By Gabriele Amorth
Now, I admit that I have a fascination with all things demon or ghostly, so that's primarily why I picked up this book. Demons...ooohh...
It was a good book, primarily, I think, focused on encouraging the Church to pay more attention to the position of exorcist, a ministry that has, apparently, been allowed to lapse for the most part. The author is sort of calling to task the Bishops, whose job this is to either perform exorcisms when needed or to delegate the responsibility to a priest.
It was a basic explanation of the biblical basis for exorcisms, the fact that *any* Christian should have the power to drive out the devil (which is why Protestant churchs can have deliverances, or whatever they choose to call them, and have them work), but that for full blown possessions, an actual exorcist is needed. The difference between possession, obsession, oppression was explained.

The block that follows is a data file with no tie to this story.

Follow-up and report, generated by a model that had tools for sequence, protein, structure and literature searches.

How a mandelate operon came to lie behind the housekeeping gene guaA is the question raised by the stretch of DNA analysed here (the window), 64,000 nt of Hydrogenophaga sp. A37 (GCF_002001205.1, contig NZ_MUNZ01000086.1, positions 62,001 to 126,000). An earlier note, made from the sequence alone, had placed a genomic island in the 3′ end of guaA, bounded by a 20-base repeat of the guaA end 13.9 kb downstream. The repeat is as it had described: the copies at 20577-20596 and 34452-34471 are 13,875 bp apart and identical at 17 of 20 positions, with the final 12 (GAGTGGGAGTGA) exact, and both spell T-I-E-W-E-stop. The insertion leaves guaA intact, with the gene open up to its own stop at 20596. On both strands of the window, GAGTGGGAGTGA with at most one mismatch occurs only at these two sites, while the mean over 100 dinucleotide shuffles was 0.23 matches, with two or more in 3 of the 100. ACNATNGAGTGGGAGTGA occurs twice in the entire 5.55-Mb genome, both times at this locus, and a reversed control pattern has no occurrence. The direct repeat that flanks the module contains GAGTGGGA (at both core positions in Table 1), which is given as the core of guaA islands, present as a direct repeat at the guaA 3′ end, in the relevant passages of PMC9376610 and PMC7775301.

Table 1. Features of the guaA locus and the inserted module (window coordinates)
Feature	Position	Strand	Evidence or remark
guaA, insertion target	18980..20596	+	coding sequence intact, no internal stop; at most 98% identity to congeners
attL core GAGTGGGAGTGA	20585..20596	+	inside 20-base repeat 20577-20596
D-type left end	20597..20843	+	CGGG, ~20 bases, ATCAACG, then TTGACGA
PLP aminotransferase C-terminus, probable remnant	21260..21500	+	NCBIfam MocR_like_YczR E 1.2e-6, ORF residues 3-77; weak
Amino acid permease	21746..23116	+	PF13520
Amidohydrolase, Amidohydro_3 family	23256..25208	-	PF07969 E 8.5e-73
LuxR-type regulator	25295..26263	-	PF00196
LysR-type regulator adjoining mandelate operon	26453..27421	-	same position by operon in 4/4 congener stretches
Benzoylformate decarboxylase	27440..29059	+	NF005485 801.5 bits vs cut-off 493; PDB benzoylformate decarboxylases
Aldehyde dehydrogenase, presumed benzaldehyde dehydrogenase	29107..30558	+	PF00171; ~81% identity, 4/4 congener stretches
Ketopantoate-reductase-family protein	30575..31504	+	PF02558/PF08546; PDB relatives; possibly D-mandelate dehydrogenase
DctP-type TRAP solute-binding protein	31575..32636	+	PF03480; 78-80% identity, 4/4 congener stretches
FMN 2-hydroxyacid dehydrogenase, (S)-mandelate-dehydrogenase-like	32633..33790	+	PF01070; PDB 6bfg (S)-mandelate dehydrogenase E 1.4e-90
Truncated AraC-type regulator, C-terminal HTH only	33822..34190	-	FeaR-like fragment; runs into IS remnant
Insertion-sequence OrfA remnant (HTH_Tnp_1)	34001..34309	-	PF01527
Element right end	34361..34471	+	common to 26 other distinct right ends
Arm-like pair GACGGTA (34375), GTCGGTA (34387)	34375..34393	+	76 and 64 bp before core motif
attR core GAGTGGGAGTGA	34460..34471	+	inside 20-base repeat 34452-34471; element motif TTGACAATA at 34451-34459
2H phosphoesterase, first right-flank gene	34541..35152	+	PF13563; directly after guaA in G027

Now, I disagree with him that all ghosts are really demons. I just don't see evidence for that, and I have experienced ghosts personally.
Then again, I have a different perspective on the devil altogether.
Briefly, because I know it's bizarre: I don't believe that the devil is a fallen angel. I have simply never been able to make that premise make sense. Angels have no free will. So how can they rebel? So...yes, Lucifer is an angel, but it's his *job* to tempt us. Him and his lietuenant angels. A guy doing a job. It's a nasty one, but it has to be done.